The British International Freight Association (BIFA) has written to the UK government asking it to investigate the state of competition in the current container shipping market, the latest in a wave of ship complaints being sent to governments in the around the world during a period of record carrier revenues and the worst reliability of schedules in the history of containerization.
The UK’s leading trade association for freight forwarding and logistics companies says its members are concerned that certain practices undertaken by major container shipping companies, as well as the easements and exemptions granted to them under the competition law, distort free market operations to the detriment of international trade.
In a letter to Transport Minister Robert Courts, BIFA Managing Director Robert Keen expressed the trade association’s concern that, during a time of well-documented chaos in the container shipping industry, the market power is increasingly concentrated, leading to less choice and competition in the market, and distorted market conditions.
Keen said: “BIFA members fully accept that a free market economy is open to all, but are increasingly concerned that the activities of container shipping companies, and the exemptions from the legislation which they benefit, distort the operations of this market for the benefit of the advantages of shipping companies, while adversely and unfairly affecting their customers, in particular freight forwarders and SMEs.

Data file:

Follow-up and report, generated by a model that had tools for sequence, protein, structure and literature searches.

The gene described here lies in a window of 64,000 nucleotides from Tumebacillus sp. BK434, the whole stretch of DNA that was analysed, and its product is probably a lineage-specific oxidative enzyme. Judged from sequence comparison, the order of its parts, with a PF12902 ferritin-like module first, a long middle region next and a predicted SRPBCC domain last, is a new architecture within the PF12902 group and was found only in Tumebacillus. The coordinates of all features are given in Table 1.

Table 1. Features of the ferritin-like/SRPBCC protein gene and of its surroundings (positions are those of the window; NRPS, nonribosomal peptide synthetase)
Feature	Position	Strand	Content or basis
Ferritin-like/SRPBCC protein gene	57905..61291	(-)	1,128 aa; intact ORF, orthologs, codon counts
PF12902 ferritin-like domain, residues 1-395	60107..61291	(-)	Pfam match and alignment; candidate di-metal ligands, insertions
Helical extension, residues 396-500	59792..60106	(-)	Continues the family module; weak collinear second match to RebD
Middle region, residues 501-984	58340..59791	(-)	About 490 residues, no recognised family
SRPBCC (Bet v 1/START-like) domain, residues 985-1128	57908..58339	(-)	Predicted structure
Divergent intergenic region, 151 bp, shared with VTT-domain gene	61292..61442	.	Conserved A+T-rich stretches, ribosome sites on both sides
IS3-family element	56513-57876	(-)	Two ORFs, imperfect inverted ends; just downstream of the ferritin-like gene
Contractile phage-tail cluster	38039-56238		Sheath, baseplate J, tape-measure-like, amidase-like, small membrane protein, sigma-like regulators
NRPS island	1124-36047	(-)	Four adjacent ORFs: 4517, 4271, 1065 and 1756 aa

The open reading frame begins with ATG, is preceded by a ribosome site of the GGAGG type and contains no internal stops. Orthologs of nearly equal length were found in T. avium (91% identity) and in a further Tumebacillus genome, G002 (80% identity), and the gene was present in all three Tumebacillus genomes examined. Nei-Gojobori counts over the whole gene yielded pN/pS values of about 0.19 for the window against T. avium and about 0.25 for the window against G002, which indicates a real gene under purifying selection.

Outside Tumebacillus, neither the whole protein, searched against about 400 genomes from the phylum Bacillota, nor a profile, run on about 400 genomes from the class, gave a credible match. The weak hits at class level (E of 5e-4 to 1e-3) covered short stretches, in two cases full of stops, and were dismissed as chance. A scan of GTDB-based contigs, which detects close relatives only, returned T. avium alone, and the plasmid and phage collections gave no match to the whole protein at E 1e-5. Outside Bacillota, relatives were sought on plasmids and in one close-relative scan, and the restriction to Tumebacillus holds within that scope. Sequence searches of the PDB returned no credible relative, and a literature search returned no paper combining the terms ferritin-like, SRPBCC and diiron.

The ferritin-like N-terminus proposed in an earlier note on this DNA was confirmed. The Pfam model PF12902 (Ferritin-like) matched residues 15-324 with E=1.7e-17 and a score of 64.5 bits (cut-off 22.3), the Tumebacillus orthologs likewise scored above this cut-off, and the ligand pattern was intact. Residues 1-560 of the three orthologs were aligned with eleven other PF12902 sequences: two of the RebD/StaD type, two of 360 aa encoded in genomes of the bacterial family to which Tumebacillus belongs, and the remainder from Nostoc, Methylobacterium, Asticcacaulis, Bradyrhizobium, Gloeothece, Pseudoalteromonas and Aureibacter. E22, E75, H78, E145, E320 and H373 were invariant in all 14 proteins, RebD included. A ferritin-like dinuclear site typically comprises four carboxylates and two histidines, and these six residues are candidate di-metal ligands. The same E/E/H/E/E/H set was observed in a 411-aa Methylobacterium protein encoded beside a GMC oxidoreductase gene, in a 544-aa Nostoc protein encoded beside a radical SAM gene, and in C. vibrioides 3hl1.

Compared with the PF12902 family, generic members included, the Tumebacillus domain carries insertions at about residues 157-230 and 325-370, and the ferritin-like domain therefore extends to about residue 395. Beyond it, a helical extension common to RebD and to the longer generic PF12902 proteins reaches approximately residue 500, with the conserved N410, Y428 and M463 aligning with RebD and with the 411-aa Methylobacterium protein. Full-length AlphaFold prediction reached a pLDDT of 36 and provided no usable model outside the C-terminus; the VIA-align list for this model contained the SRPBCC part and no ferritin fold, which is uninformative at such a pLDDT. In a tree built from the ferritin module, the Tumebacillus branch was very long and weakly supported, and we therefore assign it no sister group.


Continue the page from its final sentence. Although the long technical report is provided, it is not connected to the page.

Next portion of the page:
Keen denounced the stranglehold of the three global maritime alliances on world trade.
The potential combined profit forecast of $ 150 billion for 2021 – as predicted by consultants Drewry – could be seen as “blatant profiteering,” Keen suggested.
BIFA joins a growing number of organizations, including CLECAT, FIATA and the Australian Productivity Commission, in calling on governments at the national and national levels to carefully consider the evolution of trade agreements in the container shipping market. to see if they are in violation of competition law.
The Washington DC-based World Shipping Council (WSC), the container shipping lobby group, has made a living over the past year, fending off repeated complaints about price and reliability.
“Supply chain congestion is rampant. Every link in the supply chain, from marine terminals to truck drivers, rail cars and warehouses, is under tremendous pressure. It is unrealistic, inequitable and unproductive to attempt to address these supply chain-wide challenges by regulating only one category of supply chain participants, ocean carriers, ”said WSC Last year.